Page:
Primary care physicians are increasingly prescribing antidepressants for conditions other than depression, including off-label indications, data from Canada show.
Researchers, led by Jenna Wong from McGill University in Montreal, Canada, found that over the past ten years, only around half of all antidepressant prescriptions were for depression.
“While this prescribing phenomenon has been suspected among the medical community for quite some time, no studies to date have confirmed this hypothesis because documented treatment indications are unavailable in virtually all settings,” says Wong.
The research, published in JAMA
(online, 24 May 2016), used data from a community-based electronic medical record platform involving around 100,000 patients and 185 physicians in Quebec. Physicians taking part in the study had to provide at least one indication per prescription.
The team found that, from January 2006 to September 2015, there were 101,759 antidepressant prescriptions, excluding monoamine oxidase inhibitors, given to 19,734 patients, but only 55.2% of these were indicated for depression.
Two out of three non-depressive indications were unapproved, the most common being insomnia (10.2% of all prescriptions) and pain (6.1%). Antidepressants were also prescribed off-label for migraine, vasomotor symptoms of menopause, attention-deficit hyperactivity disorder and digestive system disorders.
Anxiety disorders (18.5%) and panic disorders (4.1%) were also common among non-depressive indications.
The researchers found that, over the course of the study, the percentage of antidepressants prescribed for depression fell significantly for serotonin-norepinephrine reuptake inhibitors, selective serotonin reuptake inhibitors and tricyclic antidepressants.
Wong says that although the researchers didn’t explore why doctors were increasingly prescribing antidepressants for non-depressive indications, the trend could be related to concerns about safety of existing treatments.
“Possible reasons include promotion and marketing by pharmaceutical industries and the perception that newer antidepressants are safer than other therapies commonly used to treat conditions such as anxiety and insomnia (e.g. benzodiazepines and anxiolytics),” Wong says.
She adds that doctors may not always be aware they are prescribing antidepressants off-label, or may presume a drug class effect.
The authors conclude that more needs to be done to evaluate the efficacy of antidepressants for off-label use.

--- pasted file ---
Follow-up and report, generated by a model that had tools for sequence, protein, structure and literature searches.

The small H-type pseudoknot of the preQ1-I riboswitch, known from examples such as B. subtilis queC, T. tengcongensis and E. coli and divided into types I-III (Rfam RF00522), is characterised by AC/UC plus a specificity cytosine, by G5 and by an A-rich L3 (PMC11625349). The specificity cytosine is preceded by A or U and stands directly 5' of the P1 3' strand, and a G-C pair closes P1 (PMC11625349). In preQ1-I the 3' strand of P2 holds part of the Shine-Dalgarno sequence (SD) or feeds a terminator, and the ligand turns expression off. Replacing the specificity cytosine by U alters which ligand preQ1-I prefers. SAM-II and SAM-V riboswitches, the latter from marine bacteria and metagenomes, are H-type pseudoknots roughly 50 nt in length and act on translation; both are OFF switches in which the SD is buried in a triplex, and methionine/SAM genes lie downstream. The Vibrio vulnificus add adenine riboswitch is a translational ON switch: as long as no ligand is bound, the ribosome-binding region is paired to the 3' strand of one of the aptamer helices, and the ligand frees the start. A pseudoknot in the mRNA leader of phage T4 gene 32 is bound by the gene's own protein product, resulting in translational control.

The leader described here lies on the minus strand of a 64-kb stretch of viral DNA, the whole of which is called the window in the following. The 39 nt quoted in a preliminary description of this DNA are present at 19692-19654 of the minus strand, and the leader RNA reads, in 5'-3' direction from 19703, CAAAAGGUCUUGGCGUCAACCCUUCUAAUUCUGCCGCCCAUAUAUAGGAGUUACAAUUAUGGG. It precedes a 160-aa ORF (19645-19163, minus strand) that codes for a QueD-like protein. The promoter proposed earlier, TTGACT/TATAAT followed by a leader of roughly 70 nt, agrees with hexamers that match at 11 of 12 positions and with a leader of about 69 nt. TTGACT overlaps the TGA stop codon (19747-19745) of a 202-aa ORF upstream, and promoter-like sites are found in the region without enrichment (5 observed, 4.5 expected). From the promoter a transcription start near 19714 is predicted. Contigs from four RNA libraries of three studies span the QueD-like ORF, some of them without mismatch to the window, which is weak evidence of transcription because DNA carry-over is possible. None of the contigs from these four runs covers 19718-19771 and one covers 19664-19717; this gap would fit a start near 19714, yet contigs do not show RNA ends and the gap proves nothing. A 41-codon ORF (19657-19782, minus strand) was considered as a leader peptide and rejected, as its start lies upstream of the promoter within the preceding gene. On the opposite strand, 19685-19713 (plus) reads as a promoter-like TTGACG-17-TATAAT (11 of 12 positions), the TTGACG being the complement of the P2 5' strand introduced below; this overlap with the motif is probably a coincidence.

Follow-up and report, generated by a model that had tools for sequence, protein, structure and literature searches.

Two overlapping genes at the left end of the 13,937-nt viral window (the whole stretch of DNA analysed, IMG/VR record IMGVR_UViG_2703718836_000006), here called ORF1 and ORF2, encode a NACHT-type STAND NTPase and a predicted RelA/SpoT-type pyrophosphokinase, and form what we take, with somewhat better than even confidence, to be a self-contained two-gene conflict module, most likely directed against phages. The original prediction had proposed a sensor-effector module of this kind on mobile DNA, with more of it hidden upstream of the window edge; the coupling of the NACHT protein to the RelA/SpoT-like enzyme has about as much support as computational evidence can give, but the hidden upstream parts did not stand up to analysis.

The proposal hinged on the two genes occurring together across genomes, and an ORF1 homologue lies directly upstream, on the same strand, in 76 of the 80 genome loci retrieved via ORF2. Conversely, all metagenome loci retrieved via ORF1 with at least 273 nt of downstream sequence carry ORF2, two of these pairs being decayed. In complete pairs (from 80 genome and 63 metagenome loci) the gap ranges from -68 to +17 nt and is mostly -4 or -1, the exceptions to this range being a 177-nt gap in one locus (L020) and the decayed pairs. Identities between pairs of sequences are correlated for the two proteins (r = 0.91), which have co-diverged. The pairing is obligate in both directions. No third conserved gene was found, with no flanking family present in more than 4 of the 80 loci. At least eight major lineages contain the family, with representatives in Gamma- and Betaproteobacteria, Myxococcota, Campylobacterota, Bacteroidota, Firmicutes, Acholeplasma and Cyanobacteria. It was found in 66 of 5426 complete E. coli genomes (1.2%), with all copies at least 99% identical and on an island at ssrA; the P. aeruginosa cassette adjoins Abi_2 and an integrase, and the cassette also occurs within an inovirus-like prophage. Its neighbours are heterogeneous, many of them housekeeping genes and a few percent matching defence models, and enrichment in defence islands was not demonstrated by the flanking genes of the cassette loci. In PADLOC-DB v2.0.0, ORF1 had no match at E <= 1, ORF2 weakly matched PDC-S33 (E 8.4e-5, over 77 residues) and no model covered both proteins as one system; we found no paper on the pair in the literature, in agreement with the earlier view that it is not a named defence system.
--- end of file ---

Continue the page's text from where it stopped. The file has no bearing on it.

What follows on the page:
“In our opinion, off-label prescribing of antidepressants is a concern, particularly when there is a lack of scientific evidence to support the drug’s safety and effectiveness for the indication,” says Wong. “The negative consequences of off-label prescribing include exposing patients to unknown health risks and creating unnecessary healthcare costs,” she adds.
Liz England, mental health lead at the Royal College of General Practitioners, the academic organisation in the UK for GPs, says she imagines off-label prescribing levels in Canada are probably similar to the UK, and while there are risks with off-label prescribing, GPs are not likely to be prescribing these treatments carelessly.
She adds that doctors are likely to follow national or local prescribing guidelines for a patient initially, but may consider prescribing a treatment off-label when these fail. She says that GPs might prescribe antidepressants for conditions that are not easily treated with drugs, such as insomnia. In some areas, there may not be good access to psychological therapies like cognitive behavioural therapy, and doctors can be averse to prescribing sleeping tablets, she adds.
“Patients don’t always present with one problem either,” England says. “It’s quite common for somebody to present with chronic pain, insomnia, low mood, they might have diabetes and neuropathic symptoms. In which case you’d try to look for one medication that covers all of those but it may not be licensed for all of those.”
England says that the important thing is for GPs to have transparency and clarity with their patient.
“I’m quite honest with my patients; if you’ve got insomnia, 99% of the time it’s psychological, and the only way you’ll really treat it is to get to the bottom of the psychological cause,” she says. “But in the meantime, there may be something that helps improve your quality of life or just means you get out of bed on a daily basis.”